MU School of Music - music. ? MU School of Music Music History Diagnostic Information for Incoming
Post on 09-Aug-2018
MU School of Music Music History Diagnostic Information for Incoming Graduate Students
Each student entering the graduate program (MM, MA programs) will be asked to demonstrate a command of the history of music at the undergraduate level by taking a 2 - 2.5-hour diagnostic examination prior to enrollment. Performance on this exam is designed to determine whether the student has the level of knowledge considered necessary to complete music history electives at the graduate level or should engage in a formal review of the subject.
The examination will focus on the six style periods of Western music: Medieval, Renaissance, Baroque, Classical, Romantic, and Modern. The student will be asked to associate significant terms and ideas, landmark compositions, and prominent musicians to stylistic concepts. Some knowledge of American music is assumed. A sense of relative chronology is essential; no specific dates will be asked, however. In this context, facts are not perceived as ends in themselves but as the manifestations of musical thinking and musical practice.
The latter half of the test will be devoted to score identification and critical listening by means of a series of excerpts. The student will be asked to identify several aspects of the work presented, notably composer, title, medium, genre, historical period, approximate date of the selection, intended audience, etc. and to describe physically the musical gestures of the excerpt. Because it is assumed that the student will not be familiar with each example, he or she will be required to make educated guesses based on stylistic evidence in some instances.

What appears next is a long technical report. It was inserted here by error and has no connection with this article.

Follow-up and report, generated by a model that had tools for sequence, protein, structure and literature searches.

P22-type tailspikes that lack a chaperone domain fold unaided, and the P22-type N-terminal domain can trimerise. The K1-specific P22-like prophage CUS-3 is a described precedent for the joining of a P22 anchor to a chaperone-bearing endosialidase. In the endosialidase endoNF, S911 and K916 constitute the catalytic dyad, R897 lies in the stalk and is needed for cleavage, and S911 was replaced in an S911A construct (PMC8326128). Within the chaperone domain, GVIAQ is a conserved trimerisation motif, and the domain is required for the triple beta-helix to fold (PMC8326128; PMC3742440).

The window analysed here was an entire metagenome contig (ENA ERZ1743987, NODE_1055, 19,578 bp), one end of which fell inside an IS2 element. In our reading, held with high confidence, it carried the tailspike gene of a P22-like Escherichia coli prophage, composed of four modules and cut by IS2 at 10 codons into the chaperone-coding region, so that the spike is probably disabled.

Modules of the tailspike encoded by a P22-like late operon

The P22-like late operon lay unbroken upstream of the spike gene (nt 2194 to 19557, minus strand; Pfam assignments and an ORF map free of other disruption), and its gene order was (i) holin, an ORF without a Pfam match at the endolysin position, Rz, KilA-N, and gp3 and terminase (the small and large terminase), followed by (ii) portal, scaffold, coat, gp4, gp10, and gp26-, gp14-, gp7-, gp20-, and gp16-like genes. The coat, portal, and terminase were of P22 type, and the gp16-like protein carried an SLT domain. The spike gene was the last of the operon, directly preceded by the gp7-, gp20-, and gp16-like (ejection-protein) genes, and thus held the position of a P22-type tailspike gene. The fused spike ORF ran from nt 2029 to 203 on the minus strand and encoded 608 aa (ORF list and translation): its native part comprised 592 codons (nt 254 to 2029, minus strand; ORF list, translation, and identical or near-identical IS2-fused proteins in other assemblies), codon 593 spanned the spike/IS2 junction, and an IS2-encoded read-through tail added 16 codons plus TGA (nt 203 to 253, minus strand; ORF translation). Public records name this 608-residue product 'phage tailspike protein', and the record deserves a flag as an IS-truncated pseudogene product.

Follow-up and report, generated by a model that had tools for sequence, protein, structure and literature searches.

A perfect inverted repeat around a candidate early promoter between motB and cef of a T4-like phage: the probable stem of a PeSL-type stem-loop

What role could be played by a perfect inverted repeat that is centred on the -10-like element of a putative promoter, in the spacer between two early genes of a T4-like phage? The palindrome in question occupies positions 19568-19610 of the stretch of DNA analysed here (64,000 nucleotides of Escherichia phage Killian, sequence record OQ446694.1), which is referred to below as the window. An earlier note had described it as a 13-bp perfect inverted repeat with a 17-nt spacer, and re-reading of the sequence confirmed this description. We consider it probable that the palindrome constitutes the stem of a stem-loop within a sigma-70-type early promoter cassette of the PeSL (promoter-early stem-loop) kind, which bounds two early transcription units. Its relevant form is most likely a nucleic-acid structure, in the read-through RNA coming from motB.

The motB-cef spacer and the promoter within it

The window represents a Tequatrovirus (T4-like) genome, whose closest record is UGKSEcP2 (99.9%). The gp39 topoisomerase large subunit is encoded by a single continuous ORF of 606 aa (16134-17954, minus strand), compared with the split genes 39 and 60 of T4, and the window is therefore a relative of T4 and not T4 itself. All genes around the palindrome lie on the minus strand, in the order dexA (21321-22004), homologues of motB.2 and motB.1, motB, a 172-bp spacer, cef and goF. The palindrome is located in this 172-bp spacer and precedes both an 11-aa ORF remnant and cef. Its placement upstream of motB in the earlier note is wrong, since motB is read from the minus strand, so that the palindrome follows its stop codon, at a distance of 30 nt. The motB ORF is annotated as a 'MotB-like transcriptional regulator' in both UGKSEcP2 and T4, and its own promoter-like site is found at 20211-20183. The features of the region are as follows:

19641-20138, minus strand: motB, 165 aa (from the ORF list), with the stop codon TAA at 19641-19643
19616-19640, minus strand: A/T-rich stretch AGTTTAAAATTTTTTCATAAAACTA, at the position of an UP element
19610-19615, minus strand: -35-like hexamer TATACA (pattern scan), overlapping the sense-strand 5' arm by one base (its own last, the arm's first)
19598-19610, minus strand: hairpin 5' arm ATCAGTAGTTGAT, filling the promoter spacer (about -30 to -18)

The most reasonable manner of preparation for this entrance exam is a systematic review of essential historical information. Any music history text might be used. Especially helpful can be historical outlines, such as the most recent edition of An Outline History of Western Music by Wold, Martin, Miller, and Cykler (9th edition, McGraw Hill, 1997). Even more important would be a systematic study of musical examples in score. Many helpful anthologies are available in any music library and recordings are available on Spotify (https://www.spotify.com/us/). The answers, in general, are in the music.
Any questions concerning the music history proficiency examination may be directed to Dr. Michael J. Budds, Area Coordinator, Music History and Literature (573-882-0927 or BuddsM@missouri.edu).